Debitoor Dictionary

Accounting terms explained in a simple way

Over 150 Articles for Founders and Small Enterpreneurs

  1. Accountancy
  2. Bookkeeping
  3. Credit
  4. Debit
  5. General ledger

Double entry bookkeeping - What is double entry bookkeeping?

Definition: Double entry bookkeeping is a system of accounting in which every transaction has a corresponding positive and negative entry (debits and credits)

The double entry system of bookkeeping is based upon the fact that every transaction has two parts and that this will therefore affect two ledger accounts.

Every transaction involves a debit entry in one account and a credit entry in another account. This means that every transaction must be recorded in two accounts; one account will be debited because it receives value and the other account will be credited because it has given value.

The rule to remember is "debit the receiver and credit the giver".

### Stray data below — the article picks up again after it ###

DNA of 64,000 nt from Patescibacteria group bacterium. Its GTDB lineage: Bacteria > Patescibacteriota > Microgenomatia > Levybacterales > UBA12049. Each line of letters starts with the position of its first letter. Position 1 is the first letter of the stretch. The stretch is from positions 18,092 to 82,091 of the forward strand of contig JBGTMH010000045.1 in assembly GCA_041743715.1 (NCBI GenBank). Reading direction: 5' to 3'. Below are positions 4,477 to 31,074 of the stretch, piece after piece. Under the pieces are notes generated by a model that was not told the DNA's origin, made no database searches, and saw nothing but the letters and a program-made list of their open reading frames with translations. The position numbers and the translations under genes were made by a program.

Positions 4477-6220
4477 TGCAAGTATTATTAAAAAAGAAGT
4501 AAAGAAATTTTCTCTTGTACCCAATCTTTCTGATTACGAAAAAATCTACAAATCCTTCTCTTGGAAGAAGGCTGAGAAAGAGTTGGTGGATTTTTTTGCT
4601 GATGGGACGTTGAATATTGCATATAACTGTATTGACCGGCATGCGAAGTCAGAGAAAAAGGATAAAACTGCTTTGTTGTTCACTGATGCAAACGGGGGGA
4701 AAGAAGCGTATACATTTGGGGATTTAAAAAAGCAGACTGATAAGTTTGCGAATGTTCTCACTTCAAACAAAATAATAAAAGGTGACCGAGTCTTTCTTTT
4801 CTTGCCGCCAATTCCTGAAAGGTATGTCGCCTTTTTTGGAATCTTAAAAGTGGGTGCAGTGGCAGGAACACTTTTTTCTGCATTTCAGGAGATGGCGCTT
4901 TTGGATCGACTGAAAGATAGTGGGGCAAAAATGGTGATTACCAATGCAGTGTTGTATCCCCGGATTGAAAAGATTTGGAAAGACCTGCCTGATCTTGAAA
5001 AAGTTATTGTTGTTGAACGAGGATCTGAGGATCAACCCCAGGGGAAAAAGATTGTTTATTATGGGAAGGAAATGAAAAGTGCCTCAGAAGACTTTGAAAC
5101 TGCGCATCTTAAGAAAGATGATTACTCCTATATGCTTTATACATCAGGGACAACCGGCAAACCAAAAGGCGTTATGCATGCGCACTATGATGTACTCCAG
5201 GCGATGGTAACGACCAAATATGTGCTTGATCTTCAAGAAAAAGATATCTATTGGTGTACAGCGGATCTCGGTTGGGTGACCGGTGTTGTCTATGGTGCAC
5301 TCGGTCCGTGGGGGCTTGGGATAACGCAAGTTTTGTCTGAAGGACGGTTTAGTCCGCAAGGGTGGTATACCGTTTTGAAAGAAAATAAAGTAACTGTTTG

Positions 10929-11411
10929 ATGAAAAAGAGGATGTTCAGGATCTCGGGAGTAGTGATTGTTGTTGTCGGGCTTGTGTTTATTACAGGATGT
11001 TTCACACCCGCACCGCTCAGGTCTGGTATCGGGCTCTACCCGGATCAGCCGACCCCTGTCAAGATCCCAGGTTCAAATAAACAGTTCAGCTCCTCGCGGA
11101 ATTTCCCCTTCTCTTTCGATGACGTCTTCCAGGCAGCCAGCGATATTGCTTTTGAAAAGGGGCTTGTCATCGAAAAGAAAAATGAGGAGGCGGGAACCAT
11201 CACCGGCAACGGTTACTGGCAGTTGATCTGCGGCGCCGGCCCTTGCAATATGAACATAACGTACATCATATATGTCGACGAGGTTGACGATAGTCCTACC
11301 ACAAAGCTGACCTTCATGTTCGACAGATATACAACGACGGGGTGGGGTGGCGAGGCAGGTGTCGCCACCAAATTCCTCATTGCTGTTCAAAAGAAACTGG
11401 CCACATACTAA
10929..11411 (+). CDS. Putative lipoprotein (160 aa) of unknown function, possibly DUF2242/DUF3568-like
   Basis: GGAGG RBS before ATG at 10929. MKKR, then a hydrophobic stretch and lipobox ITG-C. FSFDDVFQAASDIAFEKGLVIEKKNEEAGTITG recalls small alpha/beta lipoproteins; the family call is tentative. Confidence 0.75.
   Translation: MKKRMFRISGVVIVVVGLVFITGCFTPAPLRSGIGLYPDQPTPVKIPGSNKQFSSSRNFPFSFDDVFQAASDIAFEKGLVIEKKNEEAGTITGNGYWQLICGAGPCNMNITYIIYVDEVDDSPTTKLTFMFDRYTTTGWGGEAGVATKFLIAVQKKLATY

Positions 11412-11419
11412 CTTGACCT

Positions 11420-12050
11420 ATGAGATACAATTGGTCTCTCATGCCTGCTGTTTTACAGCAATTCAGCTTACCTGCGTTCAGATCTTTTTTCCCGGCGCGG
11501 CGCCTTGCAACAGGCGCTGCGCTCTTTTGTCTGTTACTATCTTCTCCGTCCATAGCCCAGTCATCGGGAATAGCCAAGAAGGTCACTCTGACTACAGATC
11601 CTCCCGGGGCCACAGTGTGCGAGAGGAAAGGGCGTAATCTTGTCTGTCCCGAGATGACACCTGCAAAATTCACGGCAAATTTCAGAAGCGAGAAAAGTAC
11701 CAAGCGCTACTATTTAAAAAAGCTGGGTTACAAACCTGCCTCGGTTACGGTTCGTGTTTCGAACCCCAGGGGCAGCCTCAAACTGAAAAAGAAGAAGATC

In the ledger

Whether hand written or computerized, the ledger contains accounts of each asset and liability of the business and of the capital (amount invested) of the owner, and a separate account is kept for every item in which a business deals.

For Every Transaction: The Value of Debits must = The Value of Credits

The extended accounting equation must balance:

'A + E = L + OE + R'

(where A = Assets, E = Expenses, L = Liabilities, OE = Owner's Equity and R = Revenues)

So therefore, 'Debit Accounts (A + E) = Credit Accounts (L + R + OE)'.

Debits are on the left and increase a debit account and reduce a credit account. Credits are on the right and increase a credit account and decrease a debit account.

Which side are you on?

Every account has two "sides", a right side and a left side. A debit refers to an entry on the left side of an account, and a credit refers to an entry on the right side of an account.

Double entry bookkeeping requires that for every transaction, there is an entry to the left side of one (or more) account, and a corresponding entry to the right side of another account(s).

  • Expenses are always debits
  • Revenues are always credits
  • Debit the Cash account when cash is received
  • Credit the Cash account when cash is paid out